Friday, July 22, 2011


Now that my granddaughter is over a month old it is time to get going on the baby's crib. Apparently she likes the cradle that I made for her. She hasn't told me directly but my daughter has told me that the baby sleeps quite well in the cradle. I am happy to hear that. the challenge will be to design and build a crib that is as satisfactory as the cradle.

A crib poses a few more challenges and restrictions than a cradle. In the first two or three months of life a baby does not move so much that design and safety considerations are important. As long as the cradle is strong enough and sways easily back and forth, that is sufficient. Other than that, the cradle should also be attractive. I think I was successful on all counts.

A crib is different. The baby is usually three months old or older before it sleeps in a crib. By that time the baby is more mobile and usually heavier, between fifteen to twenty pounds. There are some stringent CSA requirements that restrict design and construction of a crib. I have been mindful to incorporate all of these requirements. I want the crib that I create to be as safe and as strong as any commercial crib that could be purchased on the market.

In the design I created, I made sure that I incorporated all of the recommendations and requirements from the CSA. Actually, in most cases I went beyond their requirements. For instance, the spacing of slats is supposed to be no more than 2.38 inches . I decided to make the spacing 2 inches. It is simpler to measure and it will be a stronger frame. There is another requirement that the side cannot be raised or lowered unless there are two discrete movements incorporated into the action of raising or lowering the side. In my design the sides do not move. The base for the mattress can be raised and lowered by removing four fasteners that thread into a threaded nut in each post. The fasteners hold the frame for the mattress in place. I designed it so that it can hold at least 200 pounds of static weight. That might seem like a lot but a small child can exert a lot of force on the bottom of a crib. It is the dynamic force that a child creates that I am more concerned about. In the end, my goal is that my granddaughter has a safe place to sleep while she is still an infant.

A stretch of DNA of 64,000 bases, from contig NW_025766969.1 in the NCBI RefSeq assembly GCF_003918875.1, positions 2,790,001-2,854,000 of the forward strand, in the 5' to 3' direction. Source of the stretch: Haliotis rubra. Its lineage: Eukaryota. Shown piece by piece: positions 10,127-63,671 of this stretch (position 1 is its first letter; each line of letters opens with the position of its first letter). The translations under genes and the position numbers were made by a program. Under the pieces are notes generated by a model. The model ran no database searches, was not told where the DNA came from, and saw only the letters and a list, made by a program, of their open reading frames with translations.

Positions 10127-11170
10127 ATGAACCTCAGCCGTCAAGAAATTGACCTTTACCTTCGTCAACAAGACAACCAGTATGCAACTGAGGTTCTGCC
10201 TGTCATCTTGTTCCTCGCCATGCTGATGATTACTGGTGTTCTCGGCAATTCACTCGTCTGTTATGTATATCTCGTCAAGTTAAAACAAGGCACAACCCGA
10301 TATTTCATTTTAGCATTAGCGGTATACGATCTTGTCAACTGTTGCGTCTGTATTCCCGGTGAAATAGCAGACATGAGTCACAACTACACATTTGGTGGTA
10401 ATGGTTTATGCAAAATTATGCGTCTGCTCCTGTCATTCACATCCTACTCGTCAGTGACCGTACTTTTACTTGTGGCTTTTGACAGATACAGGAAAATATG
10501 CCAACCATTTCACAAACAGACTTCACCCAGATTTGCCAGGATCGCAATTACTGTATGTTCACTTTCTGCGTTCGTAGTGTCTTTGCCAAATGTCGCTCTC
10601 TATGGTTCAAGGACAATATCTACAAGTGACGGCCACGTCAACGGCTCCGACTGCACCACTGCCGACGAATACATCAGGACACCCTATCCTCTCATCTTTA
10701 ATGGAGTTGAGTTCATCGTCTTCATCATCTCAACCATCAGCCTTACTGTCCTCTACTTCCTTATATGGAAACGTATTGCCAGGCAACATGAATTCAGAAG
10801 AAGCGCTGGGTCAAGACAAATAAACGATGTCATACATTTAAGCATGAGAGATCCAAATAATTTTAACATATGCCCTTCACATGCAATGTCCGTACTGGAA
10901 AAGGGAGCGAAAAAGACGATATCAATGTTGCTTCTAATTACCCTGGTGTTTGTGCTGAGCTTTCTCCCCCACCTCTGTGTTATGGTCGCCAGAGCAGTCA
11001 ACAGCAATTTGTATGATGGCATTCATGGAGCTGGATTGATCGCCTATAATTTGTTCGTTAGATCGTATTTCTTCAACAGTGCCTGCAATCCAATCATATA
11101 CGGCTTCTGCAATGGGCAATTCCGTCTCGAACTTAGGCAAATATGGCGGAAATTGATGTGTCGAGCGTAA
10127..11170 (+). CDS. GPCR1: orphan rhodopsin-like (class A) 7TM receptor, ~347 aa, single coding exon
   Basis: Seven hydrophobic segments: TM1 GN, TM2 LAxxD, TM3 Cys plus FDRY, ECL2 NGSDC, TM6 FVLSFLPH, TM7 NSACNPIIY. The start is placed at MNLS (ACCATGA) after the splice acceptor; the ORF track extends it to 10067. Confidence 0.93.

This is a sketch of what the front of the crib will look like with a few dimensions. The sketch does not show well so I will talk more about it in my next post. The crib appears to be square which is not how I drew it. The crib will measure 53 inches long by 30 inches wide. It is more of a rectangle than a square.
 This is a better picture of the front view of the crib than then one I tried to scan the other day. For whatever reason, scanning the sketch changed the proportions of my sketch. Instead, I took a picture of my sketches instead. The pictures are not perfect but the proportions are correct.

I will update everyone as I progress. Right now I am rushing to get everything in place for the baby shower this weekend. I have new floors in place and between now and Sunday I want to have new newel posts and railings in place. With luck, I should be able to get all of this done!

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